I fold my arms methodically, trying to think of anything but what I drank in that room - the taste still in my mouth, the fire clawing at my throat for more, and I start to tap my foot nervously. I think of my father; the wretched man. He was favorable at one time, whenever I was much younger, whenever my mother was still alive, but after she died, he seemed to die with her. He worked a lot, he was never at home, though I had plenty of things to occupy my time; I still genuinely missed him on holidays or birthdays. Yet, always being alone, I learned to busy myself, and comfort myself. Our maid, Melinda became the best impression of a parent I had, until my father remarried. I hadn't even realized he was seeing anyone, until the day before their marriage.
Chelsea Fletcher; a fiery red-head who swaddled my father with more affection than a rich girl with a Chihuahua - yet, I couldn't really blame her, she did make my father stay home at times, so I saw him more. She wasn't alone though, she moved in her bratty son, Darius, as well - we never saw eye to eye. It was my father's attention he sought after; loathed when my father would favor me - his blood daughter. I'm sure he's got my father wrapped around his little finger now.
Now, in the middle of the night, I was rushing off to see all three of them, in hopes my father has answers that I need. Or, at least explain what relevance he holds to this letter.
The bus skidded to a stop, squealing brakes and all, making my ears tingle. I clasp them mechanically, entering the bus as the unfavorable driver detaches them, I flash my bus pass quickly. Like a thunderstorm, a wave a new scents and desires hit me; I hear pounding hearts like thunder in my ears. Oh, my. I force myself forward, eyes to the molding bus floor, forcing back saliva to relinquish the fire in my throat, but it isn't wavering. Then, with all hope lost, I hold my breath. The feeling eases and I don't feel like I'm suffocating, but rather, like I'm a ghost, walking to the back of the bus as it juts forward. I take a seat as far away from the six passengers as I can; glad they all didn't do the same. I glare out the window - partially amazed by how long I'm holding my breath, yet part of me already knew I know longer needed to breathe.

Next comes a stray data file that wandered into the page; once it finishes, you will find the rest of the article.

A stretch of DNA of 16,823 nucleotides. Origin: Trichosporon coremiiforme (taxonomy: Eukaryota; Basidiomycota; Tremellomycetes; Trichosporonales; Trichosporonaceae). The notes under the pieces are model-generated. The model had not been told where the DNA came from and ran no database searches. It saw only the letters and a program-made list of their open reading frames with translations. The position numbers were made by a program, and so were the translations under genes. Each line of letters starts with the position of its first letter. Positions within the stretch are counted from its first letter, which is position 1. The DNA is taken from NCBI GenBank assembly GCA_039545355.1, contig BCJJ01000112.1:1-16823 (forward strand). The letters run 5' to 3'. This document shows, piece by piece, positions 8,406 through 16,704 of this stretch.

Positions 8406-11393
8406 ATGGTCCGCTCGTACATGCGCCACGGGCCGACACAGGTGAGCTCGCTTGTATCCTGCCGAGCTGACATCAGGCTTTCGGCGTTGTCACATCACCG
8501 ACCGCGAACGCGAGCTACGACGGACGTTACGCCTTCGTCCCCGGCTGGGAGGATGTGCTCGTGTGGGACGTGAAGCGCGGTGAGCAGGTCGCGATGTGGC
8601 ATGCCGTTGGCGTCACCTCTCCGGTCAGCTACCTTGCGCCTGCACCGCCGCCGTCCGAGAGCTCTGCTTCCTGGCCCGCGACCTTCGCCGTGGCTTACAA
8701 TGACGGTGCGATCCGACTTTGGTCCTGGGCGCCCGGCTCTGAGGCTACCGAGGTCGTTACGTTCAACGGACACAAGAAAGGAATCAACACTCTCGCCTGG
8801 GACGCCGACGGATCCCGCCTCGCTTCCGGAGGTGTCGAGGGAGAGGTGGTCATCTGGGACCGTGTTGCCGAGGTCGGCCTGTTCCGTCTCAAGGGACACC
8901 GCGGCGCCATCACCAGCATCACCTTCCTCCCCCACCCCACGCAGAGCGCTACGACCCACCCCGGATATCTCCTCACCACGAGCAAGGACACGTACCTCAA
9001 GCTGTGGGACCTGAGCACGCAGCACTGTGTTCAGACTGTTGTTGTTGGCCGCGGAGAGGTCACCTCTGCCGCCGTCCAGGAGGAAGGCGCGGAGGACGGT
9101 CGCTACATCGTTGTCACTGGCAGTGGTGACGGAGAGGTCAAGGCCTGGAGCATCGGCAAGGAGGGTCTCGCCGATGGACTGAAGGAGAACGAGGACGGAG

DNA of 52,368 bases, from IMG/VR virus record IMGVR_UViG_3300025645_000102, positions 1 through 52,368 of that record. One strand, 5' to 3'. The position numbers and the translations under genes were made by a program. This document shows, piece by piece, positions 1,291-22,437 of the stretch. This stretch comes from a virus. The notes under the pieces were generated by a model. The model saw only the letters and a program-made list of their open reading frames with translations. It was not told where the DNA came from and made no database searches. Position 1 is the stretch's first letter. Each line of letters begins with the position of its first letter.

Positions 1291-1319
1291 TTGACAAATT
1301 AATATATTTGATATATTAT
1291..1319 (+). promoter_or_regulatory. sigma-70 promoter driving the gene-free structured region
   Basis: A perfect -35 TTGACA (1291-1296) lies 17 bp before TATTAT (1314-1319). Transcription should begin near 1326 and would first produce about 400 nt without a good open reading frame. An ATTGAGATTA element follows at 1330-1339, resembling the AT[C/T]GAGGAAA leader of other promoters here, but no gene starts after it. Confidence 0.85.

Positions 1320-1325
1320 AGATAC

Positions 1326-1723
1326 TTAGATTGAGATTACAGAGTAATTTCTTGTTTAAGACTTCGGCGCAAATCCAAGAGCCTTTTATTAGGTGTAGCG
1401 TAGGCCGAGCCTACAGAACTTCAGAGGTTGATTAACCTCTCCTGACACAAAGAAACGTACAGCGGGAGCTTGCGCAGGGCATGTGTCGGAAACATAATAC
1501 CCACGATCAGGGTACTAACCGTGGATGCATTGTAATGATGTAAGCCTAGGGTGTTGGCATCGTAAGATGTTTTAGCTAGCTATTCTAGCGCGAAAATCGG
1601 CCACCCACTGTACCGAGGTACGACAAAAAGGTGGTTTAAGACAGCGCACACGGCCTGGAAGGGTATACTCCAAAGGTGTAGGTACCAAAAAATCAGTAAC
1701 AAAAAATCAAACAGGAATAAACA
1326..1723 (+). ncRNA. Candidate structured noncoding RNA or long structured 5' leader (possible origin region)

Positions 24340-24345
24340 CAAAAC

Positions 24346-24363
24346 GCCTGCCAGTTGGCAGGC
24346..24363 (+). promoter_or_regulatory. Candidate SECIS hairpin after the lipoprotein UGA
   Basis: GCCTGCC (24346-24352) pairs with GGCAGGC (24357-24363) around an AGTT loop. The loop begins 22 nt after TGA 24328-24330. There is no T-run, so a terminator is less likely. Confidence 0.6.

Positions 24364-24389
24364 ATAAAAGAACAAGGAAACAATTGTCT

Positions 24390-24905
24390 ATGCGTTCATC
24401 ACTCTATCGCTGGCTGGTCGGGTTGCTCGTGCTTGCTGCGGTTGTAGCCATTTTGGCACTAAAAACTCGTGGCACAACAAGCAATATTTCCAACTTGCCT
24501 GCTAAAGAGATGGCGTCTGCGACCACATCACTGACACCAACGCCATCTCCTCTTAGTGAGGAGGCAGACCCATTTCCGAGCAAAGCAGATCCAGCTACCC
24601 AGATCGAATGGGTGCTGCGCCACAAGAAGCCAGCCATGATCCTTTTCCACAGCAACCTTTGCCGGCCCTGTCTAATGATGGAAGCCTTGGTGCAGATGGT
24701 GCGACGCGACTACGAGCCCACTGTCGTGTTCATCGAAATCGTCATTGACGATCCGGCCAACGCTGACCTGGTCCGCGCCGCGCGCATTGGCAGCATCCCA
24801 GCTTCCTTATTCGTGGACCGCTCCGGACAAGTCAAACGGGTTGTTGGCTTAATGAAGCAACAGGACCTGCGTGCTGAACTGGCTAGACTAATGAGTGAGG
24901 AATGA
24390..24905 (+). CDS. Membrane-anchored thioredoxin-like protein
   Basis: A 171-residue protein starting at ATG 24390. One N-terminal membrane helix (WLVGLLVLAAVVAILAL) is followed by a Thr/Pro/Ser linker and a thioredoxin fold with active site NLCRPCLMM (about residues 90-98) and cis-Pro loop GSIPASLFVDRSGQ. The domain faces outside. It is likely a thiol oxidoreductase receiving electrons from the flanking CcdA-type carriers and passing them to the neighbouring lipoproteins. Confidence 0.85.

I think of the boy scribbling the letter again; the beautiful boy. It's mechanical almost to think about him, to want to see him, and meet him; shake his hand, feel his cool flesh. Yet, the idea seems so weird - I should hate him, right? I should loathe the sight of him as I wish him harm. I'm not sure what bubbles inside of rage or butterflies. It feels the same.
My father lives in Kingwood, which is 45 minutes from here, and I hold my breath the entire time. My apartment is 15 minutes away from his house, which wasn't intentional. I haven't seen or heard from him in three years, after he paid for my college tuition, it seemed like he cut off contact. I had called him several times, because he is my father after all, but he never returned the calls. I had even shown up one Christmas, as a surprise only for Melinda to split a pumpkin pie with me, and tell me they had been vacationing in Switzerland since Thanksgiving weekend.
The bus doesn't quite take me there, so I get off just outside of Houston, and call for a cab. The cab ride is short, I pay the man all of ten dollars; he offers to walk me to the door, but I say no thank you - wary that I might bite him in half.
I stand, in front of towering wrought iron gates, the iron twisted at the top to form the words: Black Estate. There is forestry on either side of the fence, up to the house, which is hidden behind it. I can see ghosts of light dancing behind the timbers as I inch towards the key pad, and enter the code. It's been changed. I growl, though it isn't intentional, it vibrates through my body. I clench my teeth as well, which sends a new kind of pain through me, irritating the fire in my throat as well. I touch my gums, and retracting my hands to see, what I think to be, blood. I press my tongue to my tooth - wiggling it, and then it disconnects. I spit it into my palm, staring at it in horror. I then jab my finger into the call button on the key pad.
After about five minutes, I stick the tooth into my pocket, "Black Estate," a familiar sugary voice vibrates through the speaker.
"Melinda, it's Sam, I need to talk to my dad." I try to keep my voice as steady as possible, but it's difficult hearing her honeyed, familiar voice.
The gate sounds, creaking open like a corny black and white horror flick, and I hurry down the wide path of gravel and sand. I tongue the empty space where my tooth detached, only for a point to prod my tongue. I clench my teeth mechanically, and then I curse myself silently for doing so as pain rumbles through my mouth once more.
My father's house is a luxurious colonial home, built in 1892, by my great grandfather Elijah Black. My first impression of the house, is that it reminds me of the White House; rows of columns supporting a jutting white roof; stretches of windows behind the columns, revealing a large swirling staircase and a gleaming, diamond encrusted chandelier. I'm at the front porch in minutes, and I mash the doorbell of the mansion. It seems to shudder through the whole house, ding-dong.